42. P. Gori-Giorgi, C. Attaccalite, S. Moroni,  and G. B. Bachelet, Int. J. Quantum Chem. 91, 126 (2003).
  43. N. D. Drummond and R. J. Needs, Phys. Rev. Lett. 102, 126402 (2009).
  44. D. M. Ceperley and B. J. Alder, Phys. Rev. Lett. 45, 566 (1980).
  45. P. Ballone, C. J. Umrigar,  and P. Delaly, Phys. Rev. B 45, 6293 (1992).
  46. G. Ortiz and P. Ballone, Phys. Rev. B 50, 1391 (1994).
  47. G. Ortiz and P. Ballone, Phys. Rev. B 56, 9970 (1997).
  48. Y. Kwon, D. M. Ceperley,  and R. M. Martin, Phys. Rev. B 58, 6800 (1998).
  49. G. Ortiz, M. Harris,  and P. Ballone, Phys. Rev. Lett. 82, 5317 (1999).
  50. F. H. Zong, C. Lin,  and D. M. Ceperley, Phys. Rev. E 66, 036703 (2002).
  51. N. D. Drummond, M. D. Towler,  and R. J. Needs, Phys. Rev. B 70, 235119 (2004).
  52. G. G. Spink, R. J. Needs,  and N. D. Drummond, Phys. Rev. B 88, 085121 (2013).
  53. L. H. Thomas, Proc. Cam. Phil. Soc. 23, 542 (1927).
  54. E. Fermi, Rend. Accad. Naz. Lincei 6, 602 (1927).
  55. B. Y. Tong and L. J. Sham, Phys. Rev. 144, 1 (1966).
  56. M. Ernzerhof, K. Burke,  and J. P. Perdew, “Recent developments in density functional theory,”  (Elsevier, Amsterdam, 1997).
  57. A. W. Overhauser, Phys. Rev. Lett. 3, 414 (1959).
  58. A. W. Overhauser, Phys. Rev. 128, 1437 (1962).
  59. G. F. Giuliani and G. Vignale, Quantum theory of the electron liquid (Cambridge University Press, Cambridge, 2005).
  60. S. Zhang and D. M. Ceperley, Phys. Rev. Lett. 100, 236404 (2008).
  61. J. R. Trail, M. D. Towler,  and R. J. Needs, Phys. Rev. B 68, 045107 (2003).
  62. F. Delyon, M. Duneau, B. Bernu,  and M. Holzmann,  , arXiv:0807.0770v1 (2008).
  63. B. Bernu, F. Delyon, M. Duneau,  and M. Holzmann, Phys. Rev. B 78, 245110 (2008).
  64. B. Bernu, F. Delyon, M. Holzmann,  and L. Baguet, Phys. Rev. B 84, 115115 (2011).
  65. L. Baguet, F. Delyon, B. Bernu,  and M. Holzmann, Phys. Rev. Lett. 111, 166402 (2013).
  66. L. Baguet, F. Delyon, B. Bernu,  and M. Holzmann, Phys. Rev. B 90, 165131 (2014).
  67. F. Delyon, B. Bernu, L. Baguet,  and M. Holzmann, Phys. Rev. B 92, 235124 (2015).
  68. R. Saito, G. Dresselhauss,  and M. S. Dresselhaus, Properties of Carbon Nanotubes (Imperial College Press, London, 1998).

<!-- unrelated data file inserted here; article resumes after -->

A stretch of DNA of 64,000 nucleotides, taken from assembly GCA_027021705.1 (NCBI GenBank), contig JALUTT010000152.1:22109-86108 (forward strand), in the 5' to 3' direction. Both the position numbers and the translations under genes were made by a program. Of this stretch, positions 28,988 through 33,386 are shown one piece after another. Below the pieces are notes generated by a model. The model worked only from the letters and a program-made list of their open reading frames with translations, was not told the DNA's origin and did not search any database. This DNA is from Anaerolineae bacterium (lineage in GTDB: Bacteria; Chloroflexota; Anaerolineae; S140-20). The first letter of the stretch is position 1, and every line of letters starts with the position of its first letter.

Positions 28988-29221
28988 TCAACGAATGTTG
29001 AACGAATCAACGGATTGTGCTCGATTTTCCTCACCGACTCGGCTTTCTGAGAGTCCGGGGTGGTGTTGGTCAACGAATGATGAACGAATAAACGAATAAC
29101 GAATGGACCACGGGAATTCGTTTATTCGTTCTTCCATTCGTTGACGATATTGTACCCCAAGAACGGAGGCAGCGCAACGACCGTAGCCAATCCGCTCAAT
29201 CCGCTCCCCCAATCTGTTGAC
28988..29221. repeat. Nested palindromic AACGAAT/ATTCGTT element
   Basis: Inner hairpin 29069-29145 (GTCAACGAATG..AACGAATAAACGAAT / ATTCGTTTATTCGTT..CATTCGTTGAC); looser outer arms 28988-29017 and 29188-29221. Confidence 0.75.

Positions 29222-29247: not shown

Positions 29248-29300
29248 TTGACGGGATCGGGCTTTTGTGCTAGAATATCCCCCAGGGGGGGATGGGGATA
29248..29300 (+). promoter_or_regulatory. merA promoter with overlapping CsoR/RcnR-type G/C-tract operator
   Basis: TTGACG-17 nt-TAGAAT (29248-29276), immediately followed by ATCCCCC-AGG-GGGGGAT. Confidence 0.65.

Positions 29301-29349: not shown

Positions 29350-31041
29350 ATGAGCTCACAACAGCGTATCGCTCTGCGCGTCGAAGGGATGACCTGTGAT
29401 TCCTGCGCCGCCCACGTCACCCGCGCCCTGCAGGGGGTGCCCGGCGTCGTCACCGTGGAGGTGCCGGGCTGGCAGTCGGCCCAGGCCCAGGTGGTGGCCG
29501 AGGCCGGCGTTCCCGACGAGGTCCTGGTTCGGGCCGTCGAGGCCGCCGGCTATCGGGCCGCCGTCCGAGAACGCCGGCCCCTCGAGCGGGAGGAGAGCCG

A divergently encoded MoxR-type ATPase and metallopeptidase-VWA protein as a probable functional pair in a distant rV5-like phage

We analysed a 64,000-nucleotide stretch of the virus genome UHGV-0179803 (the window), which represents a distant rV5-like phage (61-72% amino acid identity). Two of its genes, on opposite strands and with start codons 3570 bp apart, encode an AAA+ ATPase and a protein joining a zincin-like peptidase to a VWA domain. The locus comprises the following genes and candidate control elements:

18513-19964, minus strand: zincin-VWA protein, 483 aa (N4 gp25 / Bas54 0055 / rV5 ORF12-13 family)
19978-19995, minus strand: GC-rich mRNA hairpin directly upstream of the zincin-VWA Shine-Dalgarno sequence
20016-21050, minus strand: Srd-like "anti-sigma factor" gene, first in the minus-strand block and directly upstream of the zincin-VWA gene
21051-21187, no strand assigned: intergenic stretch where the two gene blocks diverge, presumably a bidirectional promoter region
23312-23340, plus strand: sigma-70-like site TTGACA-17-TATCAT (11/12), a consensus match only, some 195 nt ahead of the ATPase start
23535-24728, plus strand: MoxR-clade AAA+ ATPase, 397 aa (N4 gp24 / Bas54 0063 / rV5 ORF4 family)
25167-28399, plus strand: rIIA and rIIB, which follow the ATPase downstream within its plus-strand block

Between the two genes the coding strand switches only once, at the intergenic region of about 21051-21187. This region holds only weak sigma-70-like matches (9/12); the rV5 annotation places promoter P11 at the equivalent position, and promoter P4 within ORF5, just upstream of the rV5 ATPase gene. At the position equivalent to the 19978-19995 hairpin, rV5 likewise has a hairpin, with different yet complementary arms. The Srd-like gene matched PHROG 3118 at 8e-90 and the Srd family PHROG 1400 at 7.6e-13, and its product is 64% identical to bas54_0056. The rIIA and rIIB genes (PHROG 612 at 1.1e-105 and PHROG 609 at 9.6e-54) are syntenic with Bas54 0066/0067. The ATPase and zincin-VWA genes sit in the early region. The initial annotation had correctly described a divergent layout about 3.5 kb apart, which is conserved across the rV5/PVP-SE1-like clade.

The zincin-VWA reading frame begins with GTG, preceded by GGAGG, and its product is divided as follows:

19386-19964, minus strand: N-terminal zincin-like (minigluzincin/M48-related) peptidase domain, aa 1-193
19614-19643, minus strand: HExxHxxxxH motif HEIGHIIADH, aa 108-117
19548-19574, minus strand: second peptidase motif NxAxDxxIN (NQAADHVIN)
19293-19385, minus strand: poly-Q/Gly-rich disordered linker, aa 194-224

69. R. Egger and A. O. Gogolin, Eur. Phys. J. B 3, 281 (1998).
  70. M. Bockrath, D. H. Cobden, J. Lu, A. G. Rinzler, R. E. Smalley, L. Balents,  and P. L. McEuen, Nature 397, 598 (1999).
  71. H. Ishii, H. Kataura, H. Shiozawa, H. Yoshioka, H. Otsubo, Y. Takayama, T. Miyahara, S. Suzuki, Y. Achiba, M. Nakatake, T. Narimura, M. Higashiguchi, K. Shimada, H. Namatame,  and M. Taniguchi, Nature 426, 540 (2003).
  72. M. Shiraishi and M. Ata, Sol. State Commun. 127, 215 (2003).
  73. A. Schwartz, M. Dressel, G. Grüner, V. Vescoli, L. Degiorgi,  and T. Giamarchi, Phys. Rev. B 58, 1261 (1998).
  74. V. Vescoli, F. Zwick, W. Henderson, L. Degiorgi, M. Grioni, G. Gruner,  and L. K. Montgomery, Eur. Phys. J. B 13, 503 (2000).
  75. T. Lorenz, M. Hofmann, M. Grüninger, A. Freimuth, G. S. Uhrig, M. Dumm,  and M. Dressel, Nature 418, 614 (2002).
  76. M. Dressel, K. Petukhov, B. Salameh, P. Zornoza,  and T. Giamarchi, Phys. Rev. B 71, 075104 (2005).
  77. T. Ito, A. Chainani, T. Haruna, K. Kanai, T. Yokoya, S. Shin,  and R. Kato, Phys. Rev. Lett. 95, 246402 (2005).
  78. Z. Hu, M. Knupfer, M. Kielwein, U. K. Rol̈er, M. S. Golden, J. Fink, F. M. F. de Groot, T. Ito, K. Oka,  and G. Kaindl, Eur. Phys. J. B 26, 449 (2002).
  79. F. P. Milliken, C. P. Umbach,  and R. A. Webb, Sol. State Commun. 97, 309 (1996).
  80. S. S. Mandal and J. K. Jain, Sol. State Commun. 118, 503 (2001).
  81. A. M. Chang, Rev. Mod. Phys. 75, 1449 (2003).
  82. A. R. Gonï, A. Pinczuk, J. S. Weiner, J. M. Calleja, B. S. Dennis, L. N. Pfeiffer,  and K. W. West, Phys. Rev. Lett. 67, 3298 (1991).
  83. O. M. Auslaender, A. Yacoby, R. dePicciotto, K. W. Baldwin, L. N. Pfeiffer,  and K. W. West, Phys. Rev. Lett. 84, 1764 (2000).
  84. S. V. Zaitsev-Zotov, Y. A. Kumzerov, Y. A. Firsov,  and P. Monceau, J. Phys.: Condens. Matter 12, L303 (2000).
  85. F. Liu, M. Bao, K. L. Wang, C. Li, B. Lei,  and C. Zhou, Appl. Phys. Lett. 86, 213101 (2005).
  86. H. Steinberg, O. M. Auslaender, A. Yacoby, J. Qian, G. A. Fiete, Y. Tserkovnyak, B. I. Halperin, K. W. Baldwin, L. N. Pfeiffer,  and K. W. West, Phys. Rev. B 73, 113307 (2006).
  87. H. Monien, M. Linn,  and N. Elstner, Phys. Rev. A 58, R3395 (1998).
  88. A. Recati, P. O. Fedichev, W. Zwerger,  and P. Zoller, J. Opt. B: Quantum Semiclass. Opt. 5, S55 (2003).
  89. H. Moritz, T. Stoferle, K. Guenter, M. Kohl,  and T. Esslinger, Phys. Rev. Lett. 94, 210401 (2005).